Inner ear problems can frequently cause debilitating effects, and to make matters worse there is frequently no way to cure the underlying issue. When the inner ear suffers irreparable damage, the primary treatment to fight hearing loss is typically a cochlear implant. But inner ear conditions can also cause severe balance problems, and thus far there no real treatment has been developed for such issues. Now something is finally being proposed.

The vestibular nerve needs to be stimulated in order to maintain balance. This can potentially be performed via electrical impulses from an implant. Researchers recently tested such prosthesis to see if it would be as effective as they hoped.

One inner ear condition that can create various degrees of balance issues is Meniere’s disease. The damage creates a sense of vertigo, as well as leaving the sufferer to deal with pressure in their inner ear and ringing (tinnitus). Medication can help control some of these symptoms, but there is no way to cure the disease itself.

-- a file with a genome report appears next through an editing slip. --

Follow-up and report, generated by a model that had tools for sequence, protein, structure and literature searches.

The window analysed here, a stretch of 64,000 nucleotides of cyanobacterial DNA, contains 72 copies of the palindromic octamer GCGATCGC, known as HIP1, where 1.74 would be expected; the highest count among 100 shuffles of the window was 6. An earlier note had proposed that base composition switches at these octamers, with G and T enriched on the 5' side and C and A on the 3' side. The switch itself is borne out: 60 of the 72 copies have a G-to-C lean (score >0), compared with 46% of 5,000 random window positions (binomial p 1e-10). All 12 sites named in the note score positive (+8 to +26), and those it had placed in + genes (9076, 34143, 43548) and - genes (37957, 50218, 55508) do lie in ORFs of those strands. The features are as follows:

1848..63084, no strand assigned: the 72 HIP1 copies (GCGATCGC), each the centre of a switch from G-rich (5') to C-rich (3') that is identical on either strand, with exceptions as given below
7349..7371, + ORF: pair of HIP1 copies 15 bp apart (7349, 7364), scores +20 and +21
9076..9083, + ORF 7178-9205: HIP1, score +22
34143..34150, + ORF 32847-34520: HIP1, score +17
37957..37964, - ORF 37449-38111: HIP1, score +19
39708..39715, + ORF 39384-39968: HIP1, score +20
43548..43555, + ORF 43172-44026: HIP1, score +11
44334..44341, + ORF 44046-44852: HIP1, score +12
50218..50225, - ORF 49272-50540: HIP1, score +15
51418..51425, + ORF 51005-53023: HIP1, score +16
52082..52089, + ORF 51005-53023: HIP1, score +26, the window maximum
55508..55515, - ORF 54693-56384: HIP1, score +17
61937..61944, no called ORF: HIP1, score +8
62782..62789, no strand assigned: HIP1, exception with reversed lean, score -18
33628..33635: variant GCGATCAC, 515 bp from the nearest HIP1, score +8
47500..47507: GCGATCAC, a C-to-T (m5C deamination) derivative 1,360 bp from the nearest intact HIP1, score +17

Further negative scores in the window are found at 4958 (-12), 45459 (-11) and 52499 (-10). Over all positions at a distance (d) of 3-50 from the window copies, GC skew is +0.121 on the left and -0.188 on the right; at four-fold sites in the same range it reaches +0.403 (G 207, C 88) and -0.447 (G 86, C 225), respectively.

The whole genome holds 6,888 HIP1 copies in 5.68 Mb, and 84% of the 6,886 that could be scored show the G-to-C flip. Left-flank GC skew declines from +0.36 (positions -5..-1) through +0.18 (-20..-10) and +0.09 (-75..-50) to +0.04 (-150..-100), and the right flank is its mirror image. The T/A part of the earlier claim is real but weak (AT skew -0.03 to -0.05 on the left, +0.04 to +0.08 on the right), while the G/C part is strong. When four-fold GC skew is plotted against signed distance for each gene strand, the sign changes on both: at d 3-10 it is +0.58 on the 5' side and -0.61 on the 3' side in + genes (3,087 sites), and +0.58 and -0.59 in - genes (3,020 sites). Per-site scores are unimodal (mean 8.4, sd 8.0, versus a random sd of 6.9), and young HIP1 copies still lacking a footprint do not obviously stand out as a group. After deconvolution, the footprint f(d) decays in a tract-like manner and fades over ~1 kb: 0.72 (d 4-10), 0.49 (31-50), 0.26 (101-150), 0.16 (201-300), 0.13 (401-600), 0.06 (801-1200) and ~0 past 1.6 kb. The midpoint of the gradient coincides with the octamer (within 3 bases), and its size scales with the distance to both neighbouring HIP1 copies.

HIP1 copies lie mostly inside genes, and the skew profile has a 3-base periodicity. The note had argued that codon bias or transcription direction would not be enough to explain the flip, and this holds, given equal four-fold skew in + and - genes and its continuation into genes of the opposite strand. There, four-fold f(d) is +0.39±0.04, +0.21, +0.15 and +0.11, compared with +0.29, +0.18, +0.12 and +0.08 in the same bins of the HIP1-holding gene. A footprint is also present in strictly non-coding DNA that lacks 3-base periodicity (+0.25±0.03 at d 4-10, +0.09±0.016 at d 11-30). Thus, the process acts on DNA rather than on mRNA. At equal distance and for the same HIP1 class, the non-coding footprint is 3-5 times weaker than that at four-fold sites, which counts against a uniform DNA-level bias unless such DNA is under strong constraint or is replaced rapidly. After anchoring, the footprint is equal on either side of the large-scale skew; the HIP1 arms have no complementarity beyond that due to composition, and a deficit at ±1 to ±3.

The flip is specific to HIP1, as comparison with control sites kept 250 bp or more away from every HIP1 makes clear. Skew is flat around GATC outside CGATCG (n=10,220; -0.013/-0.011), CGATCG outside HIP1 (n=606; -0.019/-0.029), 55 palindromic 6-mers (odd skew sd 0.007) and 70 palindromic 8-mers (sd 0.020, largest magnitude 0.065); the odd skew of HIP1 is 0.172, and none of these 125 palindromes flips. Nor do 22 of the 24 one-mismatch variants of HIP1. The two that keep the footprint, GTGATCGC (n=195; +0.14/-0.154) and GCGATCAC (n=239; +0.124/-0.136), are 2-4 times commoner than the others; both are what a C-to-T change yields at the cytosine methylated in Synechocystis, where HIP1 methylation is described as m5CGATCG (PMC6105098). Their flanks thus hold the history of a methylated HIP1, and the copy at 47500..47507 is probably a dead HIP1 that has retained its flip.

The prosthesis that has been developed can introduce electric stimulation via fluid inside the ear canal. This fools the brain into believing that the body is leaning a certain way. The body then responds reflexively to correct the problem, thus balancing out its equilibrium.

Four individuals received the prosthesis for the purpose of this research, each of which had Meniere’s disease. Measurements were taken to see how the body responded to the stimuli of the implant when the patient’s eyes were open, and then again with them closed.

The results showed that first of all fine tuning is need for a more effective response – while each patient responded to the stimuli and had their posture adjusted, they all experienced slightly different responses. This is believed to be due to tiny differences in the location of the stimuli, indicating the importance of precision in the process.

Overall the signs are positive that the device could be used to assist those with Meniere’s disease, although the results showed also that much more research is needed to fine tune the prosthesis.